The 2010 escort of holiday wreaths from Maine to Arlington National Cemetery and all points of the 500-plus participating locations is underway. More than 50 tractor-trailers from volunteer companies, escorted by Patriot Guard Riders and others, are rolling toward Arlington.
Some are calling it the world’s longest veterans’ parade.
A dawn ceremony in Maine, Saturday, Dec. 4, officially launched the 2010 Wreaths Across America. The ceremony was held near Lubec, ME, at a place called Quoddy Head, distinguished as being the easternmost part of the U.S. It’s where the first rays of sun hit American soil.
From Maine, the convoy has a full schedule of stops – from schools, to VFW posts and even churches where the wreaths will be blessed. The primary mission is to place balsam fir wreaths, each with a red ribbon, on the graves of thousands of veterans at Arlington National Cemetery in Washington, DC, on Dec. 11.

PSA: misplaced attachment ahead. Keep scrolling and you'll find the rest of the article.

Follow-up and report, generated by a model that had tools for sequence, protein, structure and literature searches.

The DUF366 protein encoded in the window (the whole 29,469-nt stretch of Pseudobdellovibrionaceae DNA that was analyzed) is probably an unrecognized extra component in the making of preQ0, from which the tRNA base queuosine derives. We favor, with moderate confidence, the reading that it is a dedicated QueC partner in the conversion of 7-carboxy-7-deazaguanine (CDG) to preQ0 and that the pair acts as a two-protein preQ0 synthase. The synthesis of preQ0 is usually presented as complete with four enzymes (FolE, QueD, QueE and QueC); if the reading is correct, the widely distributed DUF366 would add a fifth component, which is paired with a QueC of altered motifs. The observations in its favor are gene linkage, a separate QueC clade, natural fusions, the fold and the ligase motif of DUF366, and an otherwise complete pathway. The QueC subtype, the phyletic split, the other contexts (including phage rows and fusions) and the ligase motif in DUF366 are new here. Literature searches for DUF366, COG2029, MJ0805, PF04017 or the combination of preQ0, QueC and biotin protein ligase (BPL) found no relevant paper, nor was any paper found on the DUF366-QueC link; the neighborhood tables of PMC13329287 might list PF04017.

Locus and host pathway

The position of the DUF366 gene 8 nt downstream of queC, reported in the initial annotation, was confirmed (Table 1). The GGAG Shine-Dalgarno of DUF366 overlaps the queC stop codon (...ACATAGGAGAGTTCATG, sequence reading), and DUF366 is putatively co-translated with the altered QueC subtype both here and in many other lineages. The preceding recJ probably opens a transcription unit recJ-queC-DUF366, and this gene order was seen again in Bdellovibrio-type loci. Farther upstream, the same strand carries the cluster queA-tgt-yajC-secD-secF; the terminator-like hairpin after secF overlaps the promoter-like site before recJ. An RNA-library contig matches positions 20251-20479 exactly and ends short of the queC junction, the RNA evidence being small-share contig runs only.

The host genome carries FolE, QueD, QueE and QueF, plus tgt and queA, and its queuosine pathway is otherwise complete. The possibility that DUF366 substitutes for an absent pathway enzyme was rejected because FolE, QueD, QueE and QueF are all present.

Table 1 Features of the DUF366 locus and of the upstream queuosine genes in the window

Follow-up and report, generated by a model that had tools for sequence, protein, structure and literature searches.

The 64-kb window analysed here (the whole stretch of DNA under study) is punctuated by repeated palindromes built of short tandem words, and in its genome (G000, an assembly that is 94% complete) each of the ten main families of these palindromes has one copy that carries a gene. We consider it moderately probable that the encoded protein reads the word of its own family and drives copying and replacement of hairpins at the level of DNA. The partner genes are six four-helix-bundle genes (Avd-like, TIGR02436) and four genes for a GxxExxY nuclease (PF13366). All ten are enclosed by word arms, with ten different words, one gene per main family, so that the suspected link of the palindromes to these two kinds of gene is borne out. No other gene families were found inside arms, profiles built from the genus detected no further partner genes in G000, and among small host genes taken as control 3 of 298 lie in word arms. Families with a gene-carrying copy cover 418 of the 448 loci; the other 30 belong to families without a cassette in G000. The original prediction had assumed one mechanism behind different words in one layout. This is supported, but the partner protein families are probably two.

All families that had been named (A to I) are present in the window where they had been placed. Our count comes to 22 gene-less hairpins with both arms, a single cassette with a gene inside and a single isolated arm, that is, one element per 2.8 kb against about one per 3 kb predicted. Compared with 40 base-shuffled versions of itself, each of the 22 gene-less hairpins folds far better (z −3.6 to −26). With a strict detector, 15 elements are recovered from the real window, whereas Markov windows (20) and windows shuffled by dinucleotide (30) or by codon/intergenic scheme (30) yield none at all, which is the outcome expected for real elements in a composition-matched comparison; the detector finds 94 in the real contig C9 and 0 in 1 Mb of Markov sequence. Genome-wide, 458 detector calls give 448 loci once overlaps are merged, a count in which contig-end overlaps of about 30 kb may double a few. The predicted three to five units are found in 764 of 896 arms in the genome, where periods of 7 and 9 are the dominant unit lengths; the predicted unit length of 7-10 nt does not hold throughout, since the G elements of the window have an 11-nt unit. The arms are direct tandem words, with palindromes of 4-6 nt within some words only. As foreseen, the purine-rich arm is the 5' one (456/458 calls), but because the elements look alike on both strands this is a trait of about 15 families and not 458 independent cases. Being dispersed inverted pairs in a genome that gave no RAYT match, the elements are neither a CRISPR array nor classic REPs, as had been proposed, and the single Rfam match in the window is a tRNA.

At the time of this posting on Monday, the procession had left the Navy Yard in Charlestown, MA. It’s scheduled to arrive at Arlington on Dec. 10.
The laying of the wreaths is planned to begin at 7 a.m. Eastern Standard Time on Dec. 11.
That program began as one man’s patriotic deed, and in the past 19 years has grown into a national movement.
In 1992, Morrill Worcester, owner of the Worcester Wreath Co., in Harrington, ME, found himself with enough leftover holiday greenery to make 5,000 wreaths. With the help of U.S. Sen. Olympia Snowe from Maine, arrangements were made for the wreaths to be placed at Arlington National Cemetery.
This year, Worcester Wreath Co., donated 20,000 Maine balsam fir wreaths. Along with wreaths from the Worcester Wreath Co., thousands of individuals, families and businesses now sponsor wreaths, taking the tradition beyond Arlington to more than 500 participating cemeteries and memorials, including Puerto Rico and 24 overseas locations.
As a tribute to veterans who have served and sacrificed to preserve the nation’s freedom, OOIDA is sponsoring 10 wreaths.
“We are honored to take part in remembering these men and women for what they sacrificed,” said OOIDA President and CEO Jim Johnston. “We can never show them enough respect or enough gratitude.”
About 37 percent of OOIDA’s 153,000-plus members are veterans.
– By Land Line staff